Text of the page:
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I think you would be given the units of the pressure of a gas. If they ask for a different unit in the answer, then you could just convert between the units, but bar and atm are very similar in value so there is not much difference between their values.
The question should always specify the units, since the gas constant we use is dependent on the units of the problem. Furthermore, it would only matter when choosing the gas constant because bar and atm are essentially equivalent.
Gases for the partial pressure use atm and bars interchangeably (since they are basically the same value/ a lot like Watts and Joules if that makes any sense). It's just that our books use bars rather than atm. more often.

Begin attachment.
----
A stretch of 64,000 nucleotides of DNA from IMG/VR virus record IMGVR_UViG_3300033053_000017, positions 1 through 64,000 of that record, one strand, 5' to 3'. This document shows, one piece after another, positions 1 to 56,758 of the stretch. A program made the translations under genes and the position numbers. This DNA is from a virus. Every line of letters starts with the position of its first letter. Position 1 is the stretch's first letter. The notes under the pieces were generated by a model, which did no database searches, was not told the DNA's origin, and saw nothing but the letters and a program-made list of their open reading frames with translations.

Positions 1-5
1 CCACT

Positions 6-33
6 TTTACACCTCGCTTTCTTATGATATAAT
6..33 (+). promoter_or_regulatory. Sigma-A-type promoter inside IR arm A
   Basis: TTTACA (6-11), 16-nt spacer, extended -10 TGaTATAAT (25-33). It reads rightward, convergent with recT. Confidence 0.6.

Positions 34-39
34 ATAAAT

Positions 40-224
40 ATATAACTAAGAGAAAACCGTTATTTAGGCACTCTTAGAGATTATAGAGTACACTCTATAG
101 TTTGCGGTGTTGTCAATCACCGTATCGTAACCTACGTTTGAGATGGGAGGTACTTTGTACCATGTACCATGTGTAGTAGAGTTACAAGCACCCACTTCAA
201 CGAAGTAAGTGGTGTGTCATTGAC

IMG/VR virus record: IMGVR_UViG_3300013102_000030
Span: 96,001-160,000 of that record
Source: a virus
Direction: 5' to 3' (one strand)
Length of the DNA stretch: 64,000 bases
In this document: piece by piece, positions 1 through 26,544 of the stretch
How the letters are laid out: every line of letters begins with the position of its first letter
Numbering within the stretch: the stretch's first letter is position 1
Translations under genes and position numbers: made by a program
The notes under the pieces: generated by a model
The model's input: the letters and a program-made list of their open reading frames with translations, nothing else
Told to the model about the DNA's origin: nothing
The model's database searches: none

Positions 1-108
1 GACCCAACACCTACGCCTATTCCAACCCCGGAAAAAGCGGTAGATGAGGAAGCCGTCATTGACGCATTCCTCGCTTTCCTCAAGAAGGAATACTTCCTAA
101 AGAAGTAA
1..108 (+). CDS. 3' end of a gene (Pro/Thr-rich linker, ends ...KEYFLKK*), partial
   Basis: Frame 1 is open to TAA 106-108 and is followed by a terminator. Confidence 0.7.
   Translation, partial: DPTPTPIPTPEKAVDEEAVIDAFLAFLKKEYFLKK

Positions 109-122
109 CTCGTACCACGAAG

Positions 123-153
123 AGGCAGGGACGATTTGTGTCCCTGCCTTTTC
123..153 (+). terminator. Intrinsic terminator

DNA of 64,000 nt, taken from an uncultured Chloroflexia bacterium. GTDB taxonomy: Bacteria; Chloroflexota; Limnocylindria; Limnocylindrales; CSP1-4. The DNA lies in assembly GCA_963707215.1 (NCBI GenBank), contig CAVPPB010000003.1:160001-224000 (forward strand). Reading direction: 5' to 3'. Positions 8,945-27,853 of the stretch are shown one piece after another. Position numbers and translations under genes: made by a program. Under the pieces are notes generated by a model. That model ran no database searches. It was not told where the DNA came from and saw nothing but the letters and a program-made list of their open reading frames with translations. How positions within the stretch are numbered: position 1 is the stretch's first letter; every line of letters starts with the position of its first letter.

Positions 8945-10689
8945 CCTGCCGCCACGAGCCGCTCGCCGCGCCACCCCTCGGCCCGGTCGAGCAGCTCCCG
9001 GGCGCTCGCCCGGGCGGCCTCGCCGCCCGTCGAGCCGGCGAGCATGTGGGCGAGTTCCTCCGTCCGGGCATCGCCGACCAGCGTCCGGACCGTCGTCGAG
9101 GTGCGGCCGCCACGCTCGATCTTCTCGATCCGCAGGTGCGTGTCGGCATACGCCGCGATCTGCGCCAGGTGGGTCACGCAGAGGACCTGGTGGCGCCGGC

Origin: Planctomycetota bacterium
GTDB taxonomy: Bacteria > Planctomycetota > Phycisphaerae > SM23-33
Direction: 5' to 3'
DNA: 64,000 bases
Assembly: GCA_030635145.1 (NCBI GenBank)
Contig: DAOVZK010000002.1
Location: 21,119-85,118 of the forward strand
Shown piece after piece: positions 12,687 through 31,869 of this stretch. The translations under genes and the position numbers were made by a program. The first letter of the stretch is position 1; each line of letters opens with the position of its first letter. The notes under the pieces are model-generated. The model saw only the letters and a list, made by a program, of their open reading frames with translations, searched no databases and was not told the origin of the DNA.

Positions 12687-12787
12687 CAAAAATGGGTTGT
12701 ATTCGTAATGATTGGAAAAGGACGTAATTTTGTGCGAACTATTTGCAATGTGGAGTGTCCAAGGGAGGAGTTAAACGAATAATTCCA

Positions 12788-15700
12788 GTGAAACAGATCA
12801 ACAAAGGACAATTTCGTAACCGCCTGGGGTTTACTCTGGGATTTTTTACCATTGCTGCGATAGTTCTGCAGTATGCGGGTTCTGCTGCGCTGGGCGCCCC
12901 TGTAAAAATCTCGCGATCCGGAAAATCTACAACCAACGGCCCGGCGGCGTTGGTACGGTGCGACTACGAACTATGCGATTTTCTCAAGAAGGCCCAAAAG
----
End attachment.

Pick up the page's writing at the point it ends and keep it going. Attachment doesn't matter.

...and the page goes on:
The question should mention the units that are being used whether it be bar or atm, but Dr.Lavelle did mention that for this class we would be using atm and bar interchangeably although they are not necessarily equal.
Typically, the units of the gas will be given in the equation. Bar is the SI unit for gas, so if it does not say a unit, it may be safe to assume that the gas is measured in bar. However, atm and bar are so close that the professor said we can typically trade them out without consequence.
Although bar is technically the correct unit to use for pressure in equilibrium equations, we use bar and atm interchangeably in this class. Dr. Lavelle said that we will usually use atm, but a problem might give you bar instead.
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